[whatwg] Specify href target with HTTP headers

Christian Schmidt whatwg.org at chsc.dk
Thu Mar 8 11:25:14 PST 2012

Thanks for commenting on my suggestion.

Bjartur Thorlacius wrote on 2012-03-07 23:53:
> We should describe the security implications of lifting said
> restrictions (if any) in the rationale document, for when someone is
> burdened by these restrictions and can't figure if they were added
> for erring on the side of security or to address some specific
> security problems.
Yes, this needs to be elaborated.

I think it makes sense to follow the rules in section 5.1.6 of the HTML5 

The rationale is that specifying "Window-Target: foo" for an HTML page 
has an effect similar to inserting "window.open(location.href, 'foo')" 
at the top of the page, so it should be subject to the same restrictions 
WRT navigating other browsing contexts.

> Content-Disposition seems like the "correct" header to use to me, but
> using the previously implemented header is fair enough.
> Window-Target and Content-Disposition must not appear in the same
> message, as the semantics of the former are a subset of the semantics
> of the latter AFAICT.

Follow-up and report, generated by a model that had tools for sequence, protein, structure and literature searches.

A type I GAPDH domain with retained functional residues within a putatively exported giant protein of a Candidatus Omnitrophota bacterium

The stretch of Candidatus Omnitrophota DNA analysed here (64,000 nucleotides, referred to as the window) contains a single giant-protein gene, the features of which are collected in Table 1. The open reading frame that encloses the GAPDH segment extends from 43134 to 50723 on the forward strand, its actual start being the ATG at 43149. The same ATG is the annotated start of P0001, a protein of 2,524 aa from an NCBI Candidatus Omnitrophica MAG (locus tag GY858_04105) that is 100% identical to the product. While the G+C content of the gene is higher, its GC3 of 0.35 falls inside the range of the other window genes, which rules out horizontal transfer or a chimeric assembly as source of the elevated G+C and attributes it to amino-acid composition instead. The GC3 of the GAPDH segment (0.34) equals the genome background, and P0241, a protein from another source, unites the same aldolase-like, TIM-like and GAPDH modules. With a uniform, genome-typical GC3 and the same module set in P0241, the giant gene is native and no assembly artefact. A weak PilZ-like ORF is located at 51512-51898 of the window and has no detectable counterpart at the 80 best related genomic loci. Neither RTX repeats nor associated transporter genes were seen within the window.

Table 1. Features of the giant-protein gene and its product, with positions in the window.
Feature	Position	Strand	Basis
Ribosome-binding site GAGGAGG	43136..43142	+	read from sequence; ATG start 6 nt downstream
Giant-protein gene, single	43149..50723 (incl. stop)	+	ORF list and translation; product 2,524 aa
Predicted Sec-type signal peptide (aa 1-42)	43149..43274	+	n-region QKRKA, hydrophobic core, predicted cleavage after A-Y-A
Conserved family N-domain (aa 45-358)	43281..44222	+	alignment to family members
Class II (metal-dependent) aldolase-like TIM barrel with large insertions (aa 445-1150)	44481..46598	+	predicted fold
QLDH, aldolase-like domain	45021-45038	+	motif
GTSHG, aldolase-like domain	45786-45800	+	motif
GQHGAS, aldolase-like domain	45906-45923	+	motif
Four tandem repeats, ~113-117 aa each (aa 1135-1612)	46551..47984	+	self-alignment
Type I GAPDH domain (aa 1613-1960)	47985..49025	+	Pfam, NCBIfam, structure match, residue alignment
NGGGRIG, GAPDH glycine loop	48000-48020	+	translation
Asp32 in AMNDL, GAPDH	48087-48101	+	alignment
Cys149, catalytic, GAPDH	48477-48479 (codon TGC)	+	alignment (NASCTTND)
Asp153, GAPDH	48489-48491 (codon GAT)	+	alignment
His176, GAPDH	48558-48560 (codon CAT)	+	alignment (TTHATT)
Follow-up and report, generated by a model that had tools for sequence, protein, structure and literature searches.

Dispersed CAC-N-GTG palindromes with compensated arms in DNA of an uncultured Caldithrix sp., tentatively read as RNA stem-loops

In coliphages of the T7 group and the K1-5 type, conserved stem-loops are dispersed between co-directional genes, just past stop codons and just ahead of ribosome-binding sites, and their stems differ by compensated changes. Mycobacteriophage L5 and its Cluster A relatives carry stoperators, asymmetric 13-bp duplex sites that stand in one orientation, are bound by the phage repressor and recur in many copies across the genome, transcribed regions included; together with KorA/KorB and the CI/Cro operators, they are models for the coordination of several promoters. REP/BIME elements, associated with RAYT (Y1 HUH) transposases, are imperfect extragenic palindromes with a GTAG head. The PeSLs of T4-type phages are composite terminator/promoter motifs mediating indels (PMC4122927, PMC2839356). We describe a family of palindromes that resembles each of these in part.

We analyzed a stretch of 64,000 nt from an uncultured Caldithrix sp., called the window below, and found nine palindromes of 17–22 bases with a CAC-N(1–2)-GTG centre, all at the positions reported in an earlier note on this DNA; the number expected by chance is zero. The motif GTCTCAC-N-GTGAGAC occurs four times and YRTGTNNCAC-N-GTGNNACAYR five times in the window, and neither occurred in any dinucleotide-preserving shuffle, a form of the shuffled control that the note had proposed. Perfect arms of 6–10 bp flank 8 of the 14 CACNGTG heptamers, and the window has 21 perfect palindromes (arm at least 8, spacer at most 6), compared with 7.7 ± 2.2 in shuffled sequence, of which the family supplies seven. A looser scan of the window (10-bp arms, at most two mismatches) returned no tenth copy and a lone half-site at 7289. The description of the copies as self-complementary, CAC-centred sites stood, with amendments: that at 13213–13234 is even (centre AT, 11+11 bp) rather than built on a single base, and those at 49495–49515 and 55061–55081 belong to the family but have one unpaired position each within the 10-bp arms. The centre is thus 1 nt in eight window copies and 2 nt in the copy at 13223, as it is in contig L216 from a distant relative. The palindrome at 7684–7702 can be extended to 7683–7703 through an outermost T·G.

AFAIK no modern browser implements Window-Target, so I don't think the
we need to reuse the old header name. Expanding Content-Disposition is
also an option, e.g. "Content-Disposition: inline; target=_blank".
Unfortunately we cannot use "Content-Disposition: _blank", because
unknown values (not "attachment" or "inline") are treated as
"attachment" (RFC 2183, section 2.8).

> Separating the network protocol from the user interface seems highly
> desirable. Window-Target sacrifices that.
I get your point. But it seems that Content-Disposition already suffers
from this.

RFC 2183 describes the Content-Disposition like this:

   A mechanism is needed to allow the sender to transmit this sort of
   presentational information to the recipient; the Content-Disposition
   header provides this mechanism, allowing each component of a message
   to be tagged with an indication of its desired presentation semantics.

I know that RFC 2183 deals with e-mail and is not pat of HTTP/1.1, but
it is mentioned in the HTTP specification and is supported by several

> Would it not be more appropriate to return an error response
> clearly marked as such? That, however, would leave the issue of
> connecting error messages to specific form fields.
That would sacrifice the ability to show error messages, help texts in 
the same way as on other forms (if I understand you correctly). Of 
course you can make some AJAX foo, but this easily gets complicated.

>> On <a> and <form> elements you can specify a target attribute, e.g.
>> _blank. But sometimes you don't know whether to open in _self or
>> _blank at the time the link is clicked/the form is submitted.
> The questions are, what information is necessary to decide whether to
> reuse the browsing context or not, and what other decisions depend
> on the said information?
It may depend on something external, e.g. the submitted form values 
(e.g. username and password) compared against an external database, so 
it cannot be determined without actually submitting the form.

Christian Schmidt

More information about the whatwg mailing list